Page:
Tuesday, December 23, 2008

Autobiography of a Yogi

I've been reading Autobiography of a Yogi by Paramahansa Yogananda. I read his account of his exceptional life as a mystic yogi many decades ago, when i was also dreaming about a spiritual trek to the Himalayas. I never made it there (neither did Yogananda it turned out), but the Swami's book made an impression on me then, and it still does after all these years and variegated experiences in Krishna Consciousness.

What impresses me is not the philosophy of Kriya Yoga. His line, to the best of my understanding, is an eclectic mix of Pantanjali, Kundalini, Shankaracarya's monism and bhakti! Yogananda never gives a clear and concise definition of his philosophy, and i think in his line, practice and realization of mystic yoga siddhis takes precedence over both oneness and service. But in terms of philosophy, the undercurrent of monism that moves thru their line, puts salt in the sweet rice, at least for any aspiring bhakta.

He also spends some time in his book trying his best to reconcile Christian thought from the Bible and modern scientific theories with yoga. For someone preaching yoga and vegetarianism to Americans in the 1920s, 30s and 40s, Yogananda was remarkably ahead of his time. You might even say he personally introduced yoga and 'new age' thinking to the West.

But what really impresses me in his book (and almost makes me jealous), is the wonderful, intimate and loving personal exchanges he was able to have with yoga masters during his early training years in India. Yogananda was born in 1893 in Bengal, just three years prior to the birth of His Divine Grace Srila Prabhupada. Basically, they were contemporaries, growing up in a culturally opulent period, when Calcutta was the capital of India, when Bengalis were highly cultured and when genuine vaisnavas and yogis could be found simply for the seeking.

Yogananda was inclined to be a yogi, and he met many amazing personalities. These yogis had perfected yogic meditation and possessed some supra-human qualities along with humility. Similarly, there also were pure vaisnavas, even so-called ordinary men, such as Srila Prabhupada's humble father, Sri Gour Mohan Dey, who had divine qualities. Where today, can such men and women be found?

We live in a time of mass culture. Just by a few keystrokes i can discover libraries worth of information and knowledge about a vast range of mundane and spiritual subjects. But where are the personalities who have imbibed this knowledge? Where are the saints and yogis who have assimilated the teachings of their gurus and can animate yoga and bhakti with joy and illumination? Who is there to pour cooling water over our dry minds and soothe our scorched hearts?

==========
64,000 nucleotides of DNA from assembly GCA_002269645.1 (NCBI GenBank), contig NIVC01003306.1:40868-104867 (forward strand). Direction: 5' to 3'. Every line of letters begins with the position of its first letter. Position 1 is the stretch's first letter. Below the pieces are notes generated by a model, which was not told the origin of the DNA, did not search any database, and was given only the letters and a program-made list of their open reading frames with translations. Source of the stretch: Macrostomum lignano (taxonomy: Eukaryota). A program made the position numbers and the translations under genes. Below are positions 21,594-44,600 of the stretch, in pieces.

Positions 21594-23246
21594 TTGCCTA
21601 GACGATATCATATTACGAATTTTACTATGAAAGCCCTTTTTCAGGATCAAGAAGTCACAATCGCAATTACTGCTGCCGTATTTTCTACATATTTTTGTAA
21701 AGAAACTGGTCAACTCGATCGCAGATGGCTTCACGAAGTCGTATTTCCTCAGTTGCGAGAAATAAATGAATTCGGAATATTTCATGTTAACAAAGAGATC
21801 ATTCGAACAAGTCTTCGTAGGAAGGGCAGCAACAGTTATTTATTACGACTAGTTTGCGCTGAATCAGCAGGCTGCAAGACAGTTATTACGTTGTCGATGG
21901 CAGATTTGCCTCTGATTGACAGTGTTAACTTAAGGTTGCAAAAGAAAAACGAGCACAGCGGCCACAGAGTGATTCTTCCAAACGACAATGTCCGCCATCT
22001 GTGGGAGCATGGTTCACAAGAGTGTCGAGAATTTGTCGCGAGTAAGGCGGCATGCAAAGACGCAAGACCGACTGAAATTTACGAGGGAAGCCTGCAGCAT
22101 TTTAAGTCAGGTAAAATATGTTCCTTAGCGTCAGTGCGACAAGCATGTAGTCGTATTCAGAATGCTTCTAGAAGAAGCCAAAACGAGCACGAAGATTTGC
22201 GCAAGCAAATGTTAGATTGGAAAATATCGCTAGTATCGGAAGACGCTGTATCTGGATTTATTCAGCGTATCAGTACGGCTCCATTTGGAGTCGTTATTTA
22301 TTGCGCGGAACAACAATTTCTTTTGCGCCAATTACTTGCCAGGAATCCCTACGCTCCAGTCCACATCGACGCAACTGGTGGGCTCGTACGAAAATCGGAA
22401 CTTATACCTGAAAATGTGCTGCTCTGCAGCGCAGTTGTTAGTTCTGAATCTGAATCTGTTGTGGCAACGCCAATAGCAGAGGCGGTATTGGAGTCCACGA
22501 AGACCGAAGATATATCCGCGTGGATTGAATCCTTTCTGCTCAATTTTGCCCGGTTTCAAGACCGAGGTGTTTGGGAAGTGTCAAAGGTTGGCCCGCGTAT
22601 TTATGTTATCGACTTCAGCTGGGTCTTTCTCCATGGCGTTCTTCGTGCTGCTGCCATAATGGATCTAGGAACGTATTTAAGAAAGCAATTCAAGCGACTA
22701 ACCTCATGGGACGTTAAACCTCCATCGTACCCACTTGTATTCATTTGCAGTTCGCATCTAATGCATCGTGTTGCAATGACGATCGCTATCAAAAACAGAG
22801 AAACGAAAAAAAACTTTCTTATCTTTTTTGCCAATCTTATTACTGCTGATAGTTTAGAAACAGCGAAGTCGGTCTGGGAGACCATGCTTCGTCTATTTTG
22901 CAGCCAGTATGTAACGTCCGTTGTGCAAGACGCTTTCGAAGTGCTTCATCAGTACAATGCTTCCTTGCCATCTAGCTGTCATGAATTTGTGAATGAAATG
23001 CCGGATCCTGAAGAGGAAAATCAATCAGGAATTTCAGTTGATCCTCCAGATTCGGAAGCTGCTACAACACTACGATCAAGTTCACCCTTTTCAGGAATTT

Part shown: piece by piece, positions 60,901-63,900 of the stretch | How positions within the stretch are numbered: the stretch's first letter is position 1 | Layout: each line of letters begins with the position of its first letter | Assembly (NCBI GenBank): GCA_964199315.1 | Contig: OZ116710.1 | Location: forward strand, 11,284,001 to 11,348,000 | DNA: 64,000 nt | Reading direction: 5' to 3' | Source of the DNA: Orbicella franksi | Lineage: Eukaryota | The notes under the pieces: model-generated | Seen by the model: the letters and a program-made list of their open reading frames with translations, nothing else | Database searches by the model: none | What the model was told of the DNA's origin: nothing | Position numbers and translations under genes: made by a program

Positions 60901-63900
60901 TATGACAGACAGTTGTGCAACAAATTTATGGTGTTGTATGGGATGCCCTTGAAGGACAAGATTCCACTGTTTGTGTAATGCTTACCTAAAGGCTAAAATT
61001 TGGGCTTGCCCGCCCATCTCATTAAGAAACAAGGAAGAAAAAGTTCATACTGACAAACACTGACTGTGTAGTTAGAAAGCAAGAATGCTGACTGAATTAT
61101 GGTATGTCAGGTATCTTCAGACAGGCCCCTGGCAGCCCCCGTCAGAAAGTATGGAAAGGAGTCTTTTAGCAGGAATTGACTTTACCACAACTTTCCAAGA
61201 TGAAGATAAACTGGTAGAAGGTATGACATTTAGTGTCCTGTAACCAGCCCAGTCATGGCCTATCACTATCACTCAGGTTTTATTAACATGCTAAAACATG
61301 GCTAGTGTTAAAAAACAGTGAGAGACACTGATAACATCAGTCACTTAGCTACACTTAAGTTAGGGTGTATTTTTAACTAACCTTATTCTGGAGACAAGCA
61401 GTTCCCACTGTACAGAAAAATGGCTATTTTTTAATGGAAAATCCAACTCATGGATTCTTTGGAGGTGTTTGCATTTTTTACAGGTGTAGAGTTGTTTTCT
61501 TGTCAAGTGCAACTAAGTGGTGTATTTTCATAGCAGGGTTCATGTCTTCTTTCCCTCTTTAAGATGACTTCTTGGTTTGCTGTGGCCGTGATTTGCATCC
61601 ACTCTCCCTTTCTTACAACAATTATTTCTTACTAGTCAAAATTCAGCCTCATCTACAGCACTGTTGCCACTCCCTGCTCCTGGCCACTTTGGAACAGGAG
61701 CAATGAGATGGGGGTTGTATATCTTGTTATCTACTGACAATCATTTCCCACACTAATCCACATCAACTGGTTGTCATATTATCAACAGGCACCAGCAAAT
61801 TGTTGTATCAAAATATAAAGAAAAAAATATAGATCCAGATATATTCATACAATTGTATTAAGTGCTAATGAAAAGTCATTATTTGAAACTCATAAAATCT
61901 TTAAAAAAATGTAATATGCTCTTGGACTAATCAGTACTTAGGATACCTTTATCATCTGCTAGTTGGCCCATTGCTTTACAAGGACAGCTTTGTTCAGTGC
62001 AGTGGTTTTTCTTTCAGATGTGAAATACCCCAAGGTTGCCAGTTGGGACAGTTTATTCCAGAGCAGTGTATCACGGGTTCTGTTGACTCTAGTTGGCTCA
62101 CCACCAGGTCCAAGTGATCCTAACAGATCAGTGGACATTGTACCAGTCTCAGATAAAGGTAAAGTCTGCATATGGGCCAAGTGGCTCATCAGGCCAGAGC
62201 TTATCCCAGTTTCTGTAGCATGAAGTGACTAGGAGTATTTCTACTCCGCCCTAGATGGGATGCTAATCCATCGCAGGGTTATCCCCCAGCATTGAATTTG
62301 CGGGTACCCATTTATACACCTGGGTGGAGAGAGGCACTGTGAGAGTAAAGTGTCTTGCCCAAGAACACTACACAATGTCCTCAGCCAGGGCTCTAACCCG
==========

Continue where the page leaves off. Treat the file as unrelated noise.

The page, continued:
In this mood, i enjoyed reading Yogananda's journey from his childhood to becoming a swami and yogi, while at the same time, i lamented how such a journey at least on the outward plane, is no longer possible in our world today. With all our technology, we have lost the wealth of masters and highly evolved devotees. We have also lost the sensitivity for seeking such personalities. We live in a much poorer world because of it.

But thanks to the mercy of Srila Prabhupada, at least, we do have a clear map of how to get from Point A (material consciousnss) to Point B (Krishna Consciousness). That map is accessible to anyone and everyone who wishes to follow his guidance with their own intelligence. (And not blindly follow anyone who claims to represent him.) Some of us also have precious memories of Srila Prabhupada who bestowed love on us with every word and glance and thought. We can only pray that our prayers and chanting bring us closer to his lotus feet. That is possible by his mercy. We also can have hope -- not to change external circumstances in any group or organization-- but to one day find a time and space where, with intimacy and an open heart, and without any hidden motive, we will associate with a pure devotee of Krishna.

No more will we feel in want, in need or envious of anyone or anything in this world when that day finally comes. Our most cherished desires will be fulfilled. Even the perfections and charms of the mystic yogis will have no attraction for us. We will see the Supersoul in everyone. With God realization, our inner poverty, ambition and grief will be conquered. With love, a yogi can give up his meditation, a king can renounce the world and even a dog can be better than a brahmin. That's the perfection of yoga.

2 comments:

Jamal Nassar said...

Hi Jauvna,
Nice Blog u got.

I am writing my own biography in short story series.. plz visit and feel free to comment.
http://20years20countries.blogspot.com/

Best,

Jamal

Billy said...

Yogananda has always been an inspiration. Certainly it is better to build bridges than walls - and that is a better test of who we are, of self realization - incarnation -substantiation than any kind of Oxford exam I think.

I have seen the same hand of God working in the lives of people with vastly different theologies, as personal to them as I have experienced. Sometimes they have hated my faith, and I have even been a little frustrated at the blessing and mercy certain people have received when to my own way of thinking they do not deserve it. And I may well even be right about that, sometimes.

But it is fair to say that it is not our philosophy or intellect that is the core of what we seek. It's all trivial, and even a barrier to who we must become. His mercy and compassion must become ours.

So - music is a wonderful thing, isn't it?